Student Loans Interest Rates Go Up

Student Loans Interest Rates Go Up – Current and past students are facing a huge increase in rates on their current student loans, which include tuition fees and maintenance loans.

This rise will affect all current and past students in England and Wales. These rises in interest are linked to inflation and will go from 4.6% to 6.1%.

That is not all the bad news however for students in England. There is also set to be an increase in tuition fees and will increase to £9,250.

Retail Prices Index is the Reason

The reasons for the rate increase is due to the Retail Prices Index (RPI) increasing to 3.1% in March past. This is the highest it has risen in the past few years. This increase puts students under pressure before they even finish education.

When students finish their studies the interest rates will depend on the individual’s earnings. This rate of interest will now go up to 6.1% for an income of £41,000.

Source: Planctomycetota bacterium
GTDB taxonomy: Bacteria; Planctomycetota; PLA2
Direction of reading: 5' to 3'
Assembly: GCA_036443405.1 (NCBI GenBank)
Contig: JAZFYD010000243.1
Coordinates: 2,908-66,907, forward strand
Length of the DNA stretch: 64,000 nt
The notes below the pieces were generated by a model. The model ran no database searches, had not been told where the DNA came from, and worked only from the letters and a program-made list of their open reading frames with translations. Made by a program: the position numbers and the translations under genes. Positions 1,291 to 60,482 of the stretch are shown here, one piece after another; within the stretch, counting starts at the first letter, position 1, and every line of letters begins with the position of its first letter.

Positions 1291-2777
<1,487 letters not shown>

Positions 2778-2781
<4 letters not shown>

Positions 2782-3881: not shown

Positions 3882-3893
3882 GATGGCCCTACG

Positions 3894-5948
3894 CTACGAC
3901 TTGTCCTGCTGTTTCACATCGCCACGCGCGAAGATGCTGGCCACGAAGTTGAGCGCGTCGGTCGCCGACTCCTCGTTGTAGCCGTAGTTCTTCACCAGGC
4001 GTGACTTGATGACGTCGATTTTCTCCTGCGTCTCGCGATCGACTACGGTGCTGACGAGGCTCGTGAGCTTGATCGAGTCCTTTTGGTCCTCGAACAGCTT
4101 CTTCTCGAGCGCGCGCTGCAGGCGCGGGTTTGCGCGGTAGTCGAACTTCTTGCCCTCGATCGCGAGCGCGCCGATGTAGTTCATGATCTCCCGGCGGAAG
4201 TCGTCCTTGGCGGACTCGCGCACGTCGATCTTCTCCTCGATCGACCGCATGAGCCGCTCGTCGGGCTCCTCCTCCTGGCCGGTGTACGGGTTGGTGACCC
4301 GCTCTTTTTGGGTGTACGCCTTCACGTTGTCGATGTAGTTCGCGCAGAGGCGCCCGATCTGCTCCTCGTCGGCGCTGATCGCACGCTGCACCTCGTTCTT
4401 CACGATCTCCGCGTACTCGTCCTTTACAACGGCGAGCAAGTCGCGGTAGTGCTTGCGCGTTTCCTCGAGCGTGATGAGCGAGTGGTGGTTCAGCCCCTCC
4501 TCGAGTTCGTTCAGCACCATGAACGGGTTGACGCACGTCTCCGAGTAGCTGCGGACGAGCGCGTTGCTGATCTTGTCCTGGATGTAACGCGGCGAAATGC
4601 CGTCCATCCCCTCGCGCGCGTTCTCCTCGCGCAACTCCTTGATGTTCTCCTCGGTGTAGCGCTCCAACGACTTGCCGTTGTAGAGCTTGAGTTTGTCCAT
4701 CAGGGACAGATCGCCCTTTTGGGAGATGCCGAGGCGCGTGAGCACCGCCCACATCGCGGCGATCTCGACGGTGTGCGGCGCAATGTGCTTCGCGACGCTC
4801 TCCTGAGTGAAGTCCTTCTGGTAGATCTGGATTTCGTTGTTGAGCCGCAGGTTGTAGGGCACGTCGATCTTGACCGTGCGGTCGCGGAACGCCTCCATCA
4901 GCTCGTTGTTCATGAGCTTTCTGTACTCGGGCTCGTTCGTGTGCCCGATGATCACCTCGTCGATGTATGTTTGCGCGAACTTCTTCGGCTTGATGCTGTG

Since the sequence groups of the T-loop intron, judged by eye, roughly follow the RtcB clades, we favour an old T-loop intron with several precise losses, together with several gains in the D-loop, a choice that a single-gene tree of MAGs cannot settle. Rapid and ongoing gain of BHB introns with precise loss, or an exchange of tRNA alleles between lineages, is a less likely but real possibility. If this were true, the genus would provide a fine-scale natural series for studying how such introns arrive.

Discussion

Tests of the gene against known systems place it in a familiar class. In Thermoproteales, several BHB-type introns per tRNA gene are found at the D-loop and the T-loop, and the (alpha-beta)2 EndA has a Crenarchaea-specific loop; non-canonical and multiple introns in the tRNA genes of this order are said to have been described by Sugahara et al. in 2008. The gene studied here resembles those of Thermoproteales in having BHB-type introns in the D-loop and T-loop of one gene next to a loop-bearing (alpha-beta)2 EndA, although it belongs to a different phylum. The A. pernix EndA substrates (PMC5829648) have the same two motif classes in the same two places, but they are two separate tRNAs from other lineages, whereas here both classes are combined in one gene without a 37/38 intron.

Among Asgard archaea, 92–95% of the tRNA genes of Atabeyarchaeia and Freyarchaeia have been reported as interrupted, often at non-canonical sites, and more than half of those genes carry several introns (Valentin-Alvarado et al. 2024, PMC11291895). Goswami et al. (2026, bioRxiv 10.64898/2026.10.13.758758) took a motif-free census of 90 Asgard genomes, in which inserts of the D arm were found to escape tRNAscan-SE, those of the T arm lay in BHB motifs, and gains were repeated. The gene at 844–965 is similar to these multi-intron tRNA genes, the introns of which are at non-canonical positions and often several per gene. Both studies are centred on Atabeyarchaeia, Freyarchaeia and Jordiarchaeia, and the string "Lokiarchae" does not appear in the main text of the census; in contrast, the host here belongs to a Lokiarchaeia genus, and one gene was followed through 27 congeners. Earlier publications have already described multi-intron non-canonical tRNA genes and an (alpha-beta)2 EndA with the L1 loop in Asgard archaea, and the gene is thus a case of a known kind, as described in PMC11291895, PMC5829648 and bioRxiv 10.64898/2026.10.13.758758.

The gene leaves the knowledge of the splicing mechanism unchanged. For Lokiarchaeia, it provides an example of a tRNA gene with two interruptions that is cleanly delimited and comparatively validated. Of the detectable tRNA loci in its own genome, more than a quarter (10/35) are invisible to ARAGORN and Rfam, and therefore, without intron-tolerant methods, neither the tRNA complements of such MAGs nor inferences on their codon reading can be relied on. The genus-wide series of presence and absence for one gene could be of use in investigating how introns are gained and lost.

Student Loans Interest Rates Go Up student loans ID card

Student Loans Interest Rates Go Up

This increase is confined to students who studied and qualified after 2012. Anyone who studied or graduated before this will have no change in their rate.

Even before these changes have been made, currently any student that goes on to earn £41,000 they are likely to make repayments of £54,000 on fees, and this figure is only going to increase further.

On top of this amount of tuition fees, students during their university years will also rack up debts from just living, accommodation and any other costs related to living.

With all these associated costs The Intergenerational Foundation called this ‘The Packhorse Generation’ to symbolise the amount of debt a student will leave with from university.

On top of these changes the government is also in the process of selling off student loan debt that was occurred from 2002 and 2006. They are hoping this will raise approximately £12billion.

The amount of debt that students owe is continuing to increase. In 2011 the amount of debt owed was approximately £34 billion which rose to £76 billion last year.

With this amount of debt looming over a newly graduated student it can have a real effect on their prospects in the future. The thoughts of buying a new house and any future plans could be hindered by the ongoing debt that follow on after university.

In the US in New York it has been proposed that they plan to scrap all tuition fees for those attending any public universities and colleges for those households that earn up to £100,000 per year.

The new increase of rates in the UK is due to be confirmed in September.

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